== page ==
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Challenging photographic evidence - potentially easy win against council PCNs
TheNorthRemember...
post Mon, 14 Jan 2019 - 22:14
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Introduction:

Been lurking here a few months now, but I'm a first time poster. Figured this may come in useful to someone, someday.

Back in June I was helping a friend move house in Mansfield. I parked in a residents' parking zone directly outside his flat to move some of his gear out of my car.
On completion of the move several hours later (OK, and on completion of a few crates of ale and a lengthy game of poker), it was rather obvious that I wasn't going to be driving anywhere. I returned to my car to retrieve a spare set of clothes to stay the night, only to find the dreaded yellow sticker from Nottinghamshire County Council (NCC).

How I beat the Council:

Despite the supposedly fair cop, I had absolutely no intention of paying because I object on principle to the legalised extortion operation that is local authority parking "enforcement".
This was actually quite a lengthy case, and to include the rest of it would be mostly irrelevant and a disservice to the point I'm trying to get across.
My appeal actually hinged on a technical flaw with the wording on the PCN. I fought it all the way to the Traffic Penalty Tribunal (TPT), but whilst waiting for the Adjudicator's decision, I noticed something...

Obviously the Council had uploaded a f**kload of photos to try and prove their point. However, on closer inspection... the photos proved nothing.
The residents' parking zone in question had signs at all entry points to the zone, but repeater signs were very sparse once inside.
I'd parked a fair way in and well away from the nearest repeater sign, so all the photos of my car showed... my car. Nothing else, just my innocent-looking, piece of s**t car parked on what appeared to be a regular street.
The Council had also taken photos of the signs, BUT (and here's the kicker), the daft c**t issuing the PCN had taken highly zoomed in photos of the signs... and nothing else. Just the signs.

"So what did you do?", I hear you ask:

I added a late extra statement to my TPT appeal. In it I argued that the photos of the signs did not show them in any form of context, not next to any recognisable building or structure, and certainly not next to my car. I argued that the photos could have been stock photos downloaded from the Internet (as they also contained no time/date stamps) and accordingly the Council had not submitted sufficient evidence to the TPT to prove that I was parked in a properly signed, legally enforceable residents' parking zone, therefore no contravention had occurred.

"As if that worked!"

Well, I wouldn't be posting here if it hadn't! The TPT Adjudicator was having none of it on the PCN flaws but agreed with me on the signage, making the following statement:

"The council has provided two photographs of two parking signs, one of which that might be present at an entry point to the zone and one that appears to be a repeater sign, but it is not possible to ascertain where the signs are located and the council has not identified by their evidence the zone in which Mr [REDACTED] had parked . Whilst it may be the zone was only one street, although the council does provide a map of the area it is not labelled with road or street names and does not show the position of signs at the vehicular entry points to the zone or the position of any repeater signs.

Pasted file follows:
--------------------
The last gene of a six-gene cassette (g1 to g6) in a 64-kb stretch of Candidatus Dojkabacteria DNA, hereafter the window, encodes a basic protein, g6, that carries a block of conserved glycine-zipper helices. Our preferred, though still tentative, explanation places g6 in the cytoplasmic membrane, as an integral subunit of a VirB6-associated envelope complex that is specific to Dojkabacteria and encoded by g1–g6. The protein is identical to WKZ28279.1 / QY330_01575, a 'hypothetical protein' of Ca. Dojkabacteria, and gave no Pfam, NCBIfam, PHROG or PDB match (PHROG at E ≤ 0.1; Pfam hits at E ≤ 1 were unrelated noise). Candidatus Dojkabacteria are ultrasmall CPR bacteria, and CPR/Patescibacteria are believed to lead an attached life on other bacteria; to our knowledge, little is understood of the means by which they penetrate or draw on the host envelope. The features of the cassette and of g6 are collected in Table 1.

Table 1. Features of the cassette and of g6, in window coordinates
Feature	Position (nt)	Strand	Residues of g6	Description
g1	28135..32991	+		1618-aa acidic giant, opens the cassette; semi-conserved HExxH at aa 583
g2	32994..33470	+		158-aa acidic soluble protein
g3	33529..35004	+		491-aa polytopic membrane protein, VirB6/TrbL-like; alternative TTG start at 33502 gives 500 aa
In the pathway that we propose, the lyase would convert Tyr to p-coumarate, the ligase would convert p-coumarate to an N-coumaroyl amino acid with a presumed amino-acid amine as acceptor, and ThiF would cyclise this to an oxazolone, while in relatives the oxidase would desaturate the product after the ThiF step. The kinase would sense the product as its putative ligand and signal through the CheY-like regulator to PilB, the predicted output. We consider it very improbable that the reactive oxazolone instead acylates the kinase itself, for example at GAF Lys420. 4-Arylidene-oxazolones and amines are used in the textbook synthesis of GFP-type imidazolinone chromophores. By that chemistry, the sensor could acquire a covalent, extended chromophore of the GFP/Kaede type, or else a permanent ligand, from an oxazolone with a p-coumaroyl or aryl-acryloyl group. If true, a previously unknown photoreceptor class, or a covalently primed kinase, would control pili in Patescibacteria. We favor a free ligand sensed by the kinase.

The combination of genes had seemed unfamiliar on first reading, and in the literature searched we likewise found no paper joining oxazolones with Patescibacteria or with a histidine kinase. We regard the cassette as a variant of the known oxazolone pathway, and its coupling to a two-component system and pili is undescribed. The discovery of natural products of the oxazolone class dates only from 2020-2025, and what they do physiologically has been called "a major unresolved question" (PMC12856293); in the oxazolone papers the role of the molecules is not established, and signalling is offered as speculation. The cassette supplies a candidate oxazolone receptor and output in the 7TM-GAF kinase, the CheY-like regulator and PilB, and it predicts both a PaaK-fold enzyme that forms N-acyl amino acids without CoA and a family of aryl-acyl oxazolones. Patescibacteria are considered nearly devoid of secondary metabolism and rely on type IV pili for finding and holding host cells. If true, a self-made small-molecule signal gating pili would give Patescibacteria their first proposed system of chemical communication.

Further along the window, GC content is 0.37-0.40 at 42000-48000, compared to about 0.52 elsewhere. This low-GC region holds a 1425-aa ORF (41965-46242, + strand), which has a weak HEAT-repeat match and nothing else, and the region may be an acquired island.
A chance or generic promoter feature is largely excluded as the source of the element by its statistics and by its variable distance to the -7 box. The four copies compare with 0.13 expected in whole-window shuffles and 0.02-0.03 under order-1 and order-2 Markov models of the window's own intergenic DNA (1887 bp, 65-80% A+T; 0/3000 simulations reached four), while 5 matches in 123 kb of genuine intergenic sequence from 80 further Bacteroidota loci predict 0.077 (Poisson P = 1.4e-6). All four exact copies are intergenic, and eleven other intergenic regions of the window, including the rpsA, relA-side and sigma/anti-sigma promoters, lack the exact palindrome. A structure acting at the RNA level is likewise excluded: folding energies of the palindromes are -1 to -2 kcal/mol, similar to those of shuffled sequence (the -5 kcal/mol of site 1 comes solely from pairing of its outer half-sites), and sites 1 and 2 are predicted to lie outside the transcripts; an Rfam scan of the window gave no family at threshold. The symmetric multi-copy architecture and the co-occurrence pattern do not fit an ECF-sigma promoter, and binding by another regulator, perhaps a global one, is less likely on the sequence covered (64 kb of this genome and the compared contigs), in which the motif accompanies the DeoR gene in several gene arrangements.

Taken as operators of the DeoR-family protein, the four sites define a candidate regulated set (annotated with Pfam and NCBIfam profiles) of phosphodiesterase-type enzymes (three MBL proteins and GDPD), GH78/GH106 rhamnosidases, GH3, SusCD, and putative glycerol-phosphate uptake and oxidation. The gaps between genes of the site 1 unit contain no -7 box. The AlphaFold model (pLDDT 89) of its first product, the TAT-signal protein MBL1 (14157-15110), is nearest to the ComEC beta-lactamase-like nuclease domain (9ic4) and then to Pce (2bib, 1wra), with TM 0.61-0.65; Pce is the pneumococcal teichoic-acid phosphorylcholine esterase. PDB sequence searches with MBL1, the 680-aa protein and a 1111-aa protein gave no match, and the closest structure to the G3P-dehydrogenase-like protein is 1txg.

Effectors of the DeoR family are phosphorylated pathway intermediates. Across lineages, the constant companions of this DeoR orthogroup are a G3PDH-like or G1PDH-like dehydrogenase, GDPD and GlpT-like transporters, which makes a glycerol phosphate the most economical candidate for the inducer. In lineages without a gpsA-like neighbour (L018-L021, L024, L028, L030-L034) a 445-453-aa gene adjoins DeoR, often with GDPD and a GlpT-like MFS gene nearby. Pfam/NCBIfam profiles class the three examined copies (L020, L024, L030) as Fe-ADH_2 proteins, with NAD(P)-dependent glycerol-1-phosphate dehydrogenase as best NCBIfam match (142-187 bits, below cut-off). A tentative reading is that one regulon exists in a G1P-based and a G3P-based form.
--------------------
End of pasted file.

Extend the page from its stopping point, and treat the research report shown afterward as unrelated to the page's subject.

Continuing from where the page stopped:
Where there is a controlled or restricted parking zone the requirements for signage are that there should be signs detailing the terms of the restriction at all vehicular entry points to the zone. There is no need to place carriageway markings and nor is there a need for signs to be placed in every part of the zone but where signage is disputed the onus is upon the council to prove the signage in place clearly indicates the restriction and I am not, therefore, satisfied at this particular time, in these particular circumstances that the council has proved the restriction was signed adequately so that Mr [REDACTED] could be aware of the restriction. Accordingly I do not find the parking contravention proved and this appeal is allowed."

- Traffic Penalty Tribunal Adjudicator


So what?

I wasn't expecting to win on such a flimsy argument. I was half expecting the Adjudicator to give it to the Council on the balance of probabilities or for the Council to return to the site, take pictures of all the signs, and spank me seven ways to Sunday. Seeing as the case actually went my way, this could be significant for motorists. Civil Extortion Officers aren't known for their photography skills or attention to detail, and if your case sounds like mine it could be a ridiculously easy win at the TPT.

tl;dr - Even if the site is fully signed up and legally compliant, if the photos submitted by the local authority don't prove that you could be walking away from the TPT laughing.
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post Mon, 14 Jan 2019 - 22:14
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southpaw82
post Mon, 14 Jan 2019 - 22:40
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Are we meant to be surprised that a case can be won where the council can’t prove the contravention occurred?


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Any comments made do not constitute legal advice and should not be relied upon. No lawyer/client relationship should be assumed nor should any duty of care be owed.
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